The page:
Proneness to formation of tight and rigid fibrin gel structures in men with myocardial infarction at a young age.
Fatah K., Silveira A., Tornvall P., Karpe F., Blombäck M., Hamsten A.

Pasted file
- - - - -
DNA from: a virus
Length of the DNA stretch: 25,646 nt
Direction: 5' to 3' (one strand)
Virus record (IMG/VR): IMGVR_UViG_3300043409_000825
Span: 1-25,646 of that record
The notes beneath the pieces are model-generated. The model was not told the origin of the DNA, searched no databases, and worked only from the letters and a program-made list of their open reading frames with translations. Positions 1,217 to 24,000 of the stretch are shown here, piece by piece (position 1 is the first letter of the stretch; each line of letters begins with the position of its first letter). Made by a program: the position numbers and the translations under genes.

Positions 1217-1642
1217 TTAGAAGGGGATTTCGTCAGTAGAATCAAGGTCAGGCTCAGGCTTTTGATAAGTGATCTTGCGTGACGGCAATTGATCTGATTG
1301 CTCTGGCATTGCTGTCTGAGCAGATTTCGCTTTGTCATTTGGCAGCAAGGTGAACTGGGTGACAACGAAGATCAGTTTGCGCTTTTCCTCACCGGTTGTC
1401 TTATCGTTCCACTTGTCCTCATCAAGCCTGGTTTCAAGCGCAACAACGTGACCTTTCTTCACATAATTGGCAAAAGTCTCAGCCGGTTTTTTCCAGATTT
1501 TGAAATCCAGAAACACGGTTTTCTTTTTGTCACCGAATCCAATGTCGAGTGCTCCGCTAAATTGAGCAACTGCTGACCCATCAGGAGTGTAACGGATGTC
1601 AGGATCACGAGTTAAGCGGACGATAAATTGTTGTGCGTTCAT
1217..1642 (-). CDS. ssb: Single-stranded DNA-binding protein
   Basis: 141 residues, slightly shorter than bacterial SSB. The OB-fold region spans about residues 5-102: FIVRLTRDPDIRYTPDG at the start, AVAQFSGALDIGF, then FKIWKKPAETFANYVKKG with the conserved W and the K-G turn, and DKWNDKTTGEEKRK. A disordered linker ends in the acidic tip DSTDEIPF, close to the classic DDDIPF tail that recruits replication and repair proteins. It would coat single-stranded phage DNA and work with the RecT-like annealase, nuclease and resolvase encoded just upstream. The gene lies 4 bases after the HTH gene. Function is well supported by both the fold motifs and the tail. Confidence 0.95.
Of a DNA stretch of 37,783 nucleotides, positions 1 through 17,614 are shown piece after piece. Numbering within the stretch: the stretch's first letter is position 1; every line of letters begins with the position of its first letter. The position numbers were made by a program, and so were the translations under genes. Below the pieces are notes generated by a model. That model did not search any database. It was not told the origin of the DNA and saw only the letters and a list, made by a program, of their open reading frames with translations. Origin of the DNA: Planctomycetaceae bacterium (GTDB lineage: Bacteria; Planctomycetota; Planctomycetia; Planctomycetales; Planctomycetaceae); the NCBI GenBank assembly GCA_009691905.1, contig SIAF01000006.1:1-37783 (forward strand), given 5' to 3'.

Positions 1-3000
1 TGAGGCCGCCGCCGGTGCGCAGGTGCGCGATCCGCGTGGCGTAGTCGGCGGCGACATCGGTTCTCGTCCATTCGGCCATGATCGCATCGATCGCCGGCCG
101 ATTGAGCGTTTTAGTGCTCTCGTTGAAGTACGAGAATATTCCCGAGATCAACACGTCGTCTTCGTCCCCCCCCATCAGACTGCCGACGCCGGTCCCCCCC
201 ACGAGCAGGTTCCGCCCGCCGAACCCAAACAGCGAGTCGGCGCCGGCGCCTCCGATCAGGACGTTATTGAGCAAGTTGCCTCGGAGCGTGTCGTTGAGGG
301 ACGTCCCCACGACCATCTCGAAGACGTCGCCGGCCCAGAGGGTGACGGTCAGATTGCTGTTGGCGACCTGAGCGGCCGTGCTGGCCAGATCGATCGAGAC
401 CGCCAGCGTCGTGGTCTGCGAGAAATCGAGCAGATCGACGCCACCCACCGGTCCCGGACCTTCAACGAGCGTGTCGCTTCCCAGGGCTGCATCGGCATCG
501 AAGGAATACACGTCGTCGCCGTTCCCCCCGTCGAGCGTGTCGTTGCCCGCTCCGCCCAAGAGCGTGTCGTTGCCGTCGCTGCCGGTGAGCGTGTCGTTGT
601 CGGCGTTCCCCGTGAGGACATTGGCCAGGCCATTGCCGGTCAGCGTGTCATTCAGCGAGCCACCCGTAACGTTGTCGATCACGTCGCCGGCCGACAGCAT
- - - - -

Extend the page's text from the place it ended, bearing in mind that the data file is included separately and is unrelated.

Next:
The native fibrin gel structure formed in vitro from plasma samples was examined by liquid permeation of hydrated fibrin gel networks in 38 unselected men who had suffered a myocardial infarction before the age of 45 years and in 88 age-matched population-based control men. Both the fibrin gel porosity (permeability coefficient, Ks) and the calculated fiber mass-length ratio varied considerably within the two groups, but were generally lower in the patients. Ks was 8.3 +/- 5.2 cm2 x 10(9) (mean +/- SD) in the patient group and 12.5 +/- 5.7 cm2 x 10(9) among controls (p < 0.001). The corresponding figures for fiber mass-length ratio were 13.1 +/- 7.7 and 16.5 +/- 7.5 Dalton/ cm x 10(-13), respectively (p < 0.01). Around 50% of the patients had Ks values below the 10th percentile of the control group. A strong inverse correlation was seen between plasma plasminogen activator inhibitor-1 (PAI-1) activity and Ks (r = -0.603, p < 0.001) or fiber mass-length ratio (r = -0.565, p < 0.001) in the patient group. Corresponding weaker associations of PAI-1 with fibrin gel properties were also present in the control group. In addition, inverse relationships of very low density lipoprotein (VLDL) triglyceride concentrations to Ks (r = -0.362, p < 0.001) and fiber mass-length ratio (r = -0.283, p < 0.01) were found among the controls. Proneness to formation of tight and rigid fibrin gel networks with abnormal architecture in vitro is in vivo associated with myocardial infarction at a young age. Impaired fibrinolytic function secondary to a raised plasma PAI-1 activity level is associated with abnormal fibrin gel structure.